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Human Rights Commission Faults Gov’t For Anglophone Crisis 

By Sylvester Atemnkeng

The National Commission on Human Rights and Freedoms, NCHRF, in its 2016 report has blamed Government for the deteriorating Anglophone Crisis.

According to the report, administrative sluggishness in resolving the various strike actions within definite time periods is responsible for the present stalemate in the country.

Presenting the 175 page report, the Commission’s Chairperson, Dr. Divine Chemuta Banda, condemned the killings of civilians and military.

Going by the report, millions of Cameroonians are now caught between secessionists and security forces.
Banda said in order to preserve peace and unity in Cameroon, the passion demonstrated in sports should be replicated in decentralisation.

The report equally indicted Cameroon’s non- ratification of the Optional Protocol to the Convention against Torture as well as Government’s constant prohibition of public meetings on grounds of threat to public order.

Dr. Banda revealed that their reports published annually are always submitted to the President of the Republic, Senate and National Assembly Presidents in compliance with Law creating NCHRF.

He, however, rejoiced that responses to NCHRF’s summons improved significantly. Out of 131 summons in 2015, 117 persons reacted and in 2016, out of 303 summons, 241persons reacted positively.

The 2016 human rights situation in Cameroon was characterised by the adoption of Law No. 2016/007 of 12 July 2016 on the Penal Code and the progressive appropriation of the SDGs.

The situation of civil and political rights during the year was marked by the extension of the base of the perpetrators of acts of torture to include traditional authorities in the provisions of law no ° 2016/007 of 12 July 2016 on the Penal Code.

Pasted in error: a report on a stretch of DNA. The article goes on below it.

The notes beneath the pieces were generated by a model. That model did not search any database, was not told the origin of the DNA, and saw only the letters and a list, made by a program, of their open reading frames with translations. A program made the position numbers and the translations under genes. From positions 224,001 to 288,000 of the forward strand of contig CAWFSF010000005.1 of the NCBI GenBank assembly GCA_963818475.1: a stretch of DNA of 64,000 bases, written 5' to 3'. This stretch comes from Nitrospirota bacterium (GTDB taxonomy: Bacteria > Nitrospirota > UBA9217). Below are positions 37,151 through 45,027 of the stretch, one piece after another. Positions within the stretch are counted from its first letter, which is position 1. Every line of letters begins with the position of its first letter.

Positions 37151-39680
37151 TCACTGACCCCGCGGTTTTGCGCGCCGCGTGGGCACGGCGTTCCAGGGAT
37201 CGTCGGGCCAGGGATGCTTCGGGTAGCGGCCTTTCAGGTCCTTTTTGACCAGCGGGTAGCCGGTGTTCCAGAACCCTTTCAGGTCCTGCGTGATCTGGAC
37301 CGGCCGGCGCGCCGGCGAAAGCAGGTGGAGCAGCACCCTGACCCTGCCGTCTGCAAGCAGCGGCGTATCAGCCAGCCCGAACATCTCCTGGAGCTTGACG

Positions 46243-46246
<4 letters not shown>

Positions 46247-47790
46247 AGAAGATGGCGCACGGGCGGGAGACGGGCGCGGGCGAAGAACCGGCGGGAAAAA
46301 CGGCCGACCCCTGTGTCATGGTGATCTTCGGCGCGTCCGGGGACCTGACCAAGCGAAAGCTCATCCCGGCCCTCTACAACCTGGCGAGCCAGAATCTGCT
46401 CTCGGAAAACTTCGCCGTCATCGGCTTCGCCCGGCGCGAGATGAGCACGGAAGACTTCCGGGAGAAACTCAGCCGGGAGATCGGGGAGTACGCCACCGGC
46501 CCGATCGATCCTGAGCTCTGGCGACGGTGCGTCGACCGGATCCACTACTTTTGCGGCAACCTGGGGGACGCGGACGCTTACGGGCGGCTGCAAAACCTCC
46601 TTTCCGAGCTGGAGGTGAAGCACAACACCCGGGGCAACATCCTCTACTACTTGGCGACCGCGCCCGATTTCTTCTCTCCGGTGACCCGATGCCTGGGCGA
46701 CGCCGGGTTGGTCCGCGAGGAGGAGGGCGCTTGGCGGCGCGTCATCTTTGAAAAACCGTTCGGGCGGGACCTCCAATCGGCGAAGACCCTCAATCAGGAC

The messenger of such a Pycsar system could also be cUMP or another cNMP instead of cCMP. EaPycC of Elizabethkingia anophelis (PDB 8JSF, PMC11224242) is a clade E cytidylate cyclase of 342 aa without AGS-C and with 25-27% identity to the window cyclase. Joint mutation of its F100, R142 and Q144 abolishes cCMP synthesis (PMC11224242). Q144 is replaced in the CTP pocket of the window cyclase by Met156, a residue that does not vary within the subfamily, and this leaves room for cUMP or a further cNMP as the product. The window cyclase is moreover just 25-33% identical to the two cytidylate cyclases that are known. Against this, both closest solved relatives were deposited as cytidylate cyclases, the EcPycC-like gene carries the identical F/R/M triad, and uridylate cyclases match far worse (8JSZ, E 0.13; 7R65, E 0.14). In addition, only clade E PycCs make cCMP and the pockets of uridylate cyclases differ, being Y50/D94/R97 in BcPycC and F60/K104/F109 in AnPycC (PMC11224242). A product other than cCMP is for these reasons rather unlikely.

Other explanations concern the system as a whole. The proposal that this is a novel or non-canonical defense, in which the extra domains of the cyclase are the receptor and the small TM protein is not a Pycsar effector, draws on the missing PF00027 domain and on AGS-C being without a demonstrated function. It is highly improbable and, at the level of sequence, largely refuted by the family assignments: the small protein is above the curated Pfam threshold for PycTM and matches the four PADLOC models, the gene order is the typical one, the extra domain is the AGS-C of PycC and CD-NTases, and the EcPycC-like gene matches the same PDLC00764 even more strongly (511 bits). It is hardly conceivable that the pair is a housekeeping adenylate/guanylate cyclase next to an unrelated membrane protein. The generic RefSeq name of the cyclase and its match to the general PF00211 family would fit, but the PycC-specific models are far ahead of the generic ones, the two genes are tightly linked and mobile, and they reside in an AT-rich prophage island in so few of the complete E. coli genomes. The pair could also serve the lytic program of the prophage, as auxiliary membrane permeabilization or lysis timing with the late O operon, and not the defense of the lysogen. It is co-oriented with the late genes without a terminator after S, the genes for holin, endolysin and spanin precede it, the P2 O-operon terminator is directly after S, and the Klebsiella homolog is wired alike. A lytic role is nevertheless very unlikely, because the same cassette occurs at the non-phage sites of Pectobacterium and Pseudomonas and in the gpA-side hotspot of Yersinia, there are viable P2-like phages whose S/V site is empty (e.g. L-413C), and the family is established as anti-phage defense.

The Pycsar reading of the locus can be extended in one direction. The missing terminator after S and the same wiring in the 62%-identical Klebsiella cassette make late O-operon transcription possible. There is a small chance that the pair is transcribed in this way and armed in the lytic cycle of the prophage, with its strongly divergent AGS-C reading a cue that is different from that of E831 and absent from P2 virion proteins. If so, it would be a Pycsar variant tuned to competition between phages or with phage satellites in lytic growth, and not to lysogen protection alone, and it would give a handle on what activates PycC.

However, NCHRF noted that Cameroon has still not deposited its instrument of ratification of the Optional Protocol to the Convention against Torture, with a view to setting up the National Mechanism for the Prevention of Torture.

The Commission also noticed the recurrence of kidnapping and hostage-taking, especially in the northern part of the country.

It equally witnessed a considerable increase in the rate of accidents and the number of deaths on roads and railways, as well as the persistence of jungle justice.

As part of analysing the situation of civil and political rights in 2016, the Commission observed a sluggish public response to registering on voters’ list, especially youth of voting age and the ban on public meetings.

The economic, social and cultural situation show an intensification in the fight against unemployment, but the job market is still characterised by small businesses, micro-activity, persistent underemployment and precarious working conditions.

In the economic, social and cultural domains, NCHRF appreciated the criminalisation of the illegal sale of medication provided for in the provisions of the Penal Code.

Nevertheless, it observed a continuous recourse of people to the informal pharmaceutical and hospital supply, and disparities in accessibility to health care according to the zones of residence.
The situation of economic, social and cultural rights was marked by an upsurge in land disputes and difficulties in access to land ownership, despite measures aimed at easing the procedure for obtaining land title.

The Commission also noticed a recurrence of water shortages, persistent power failure and adulterated food supply.

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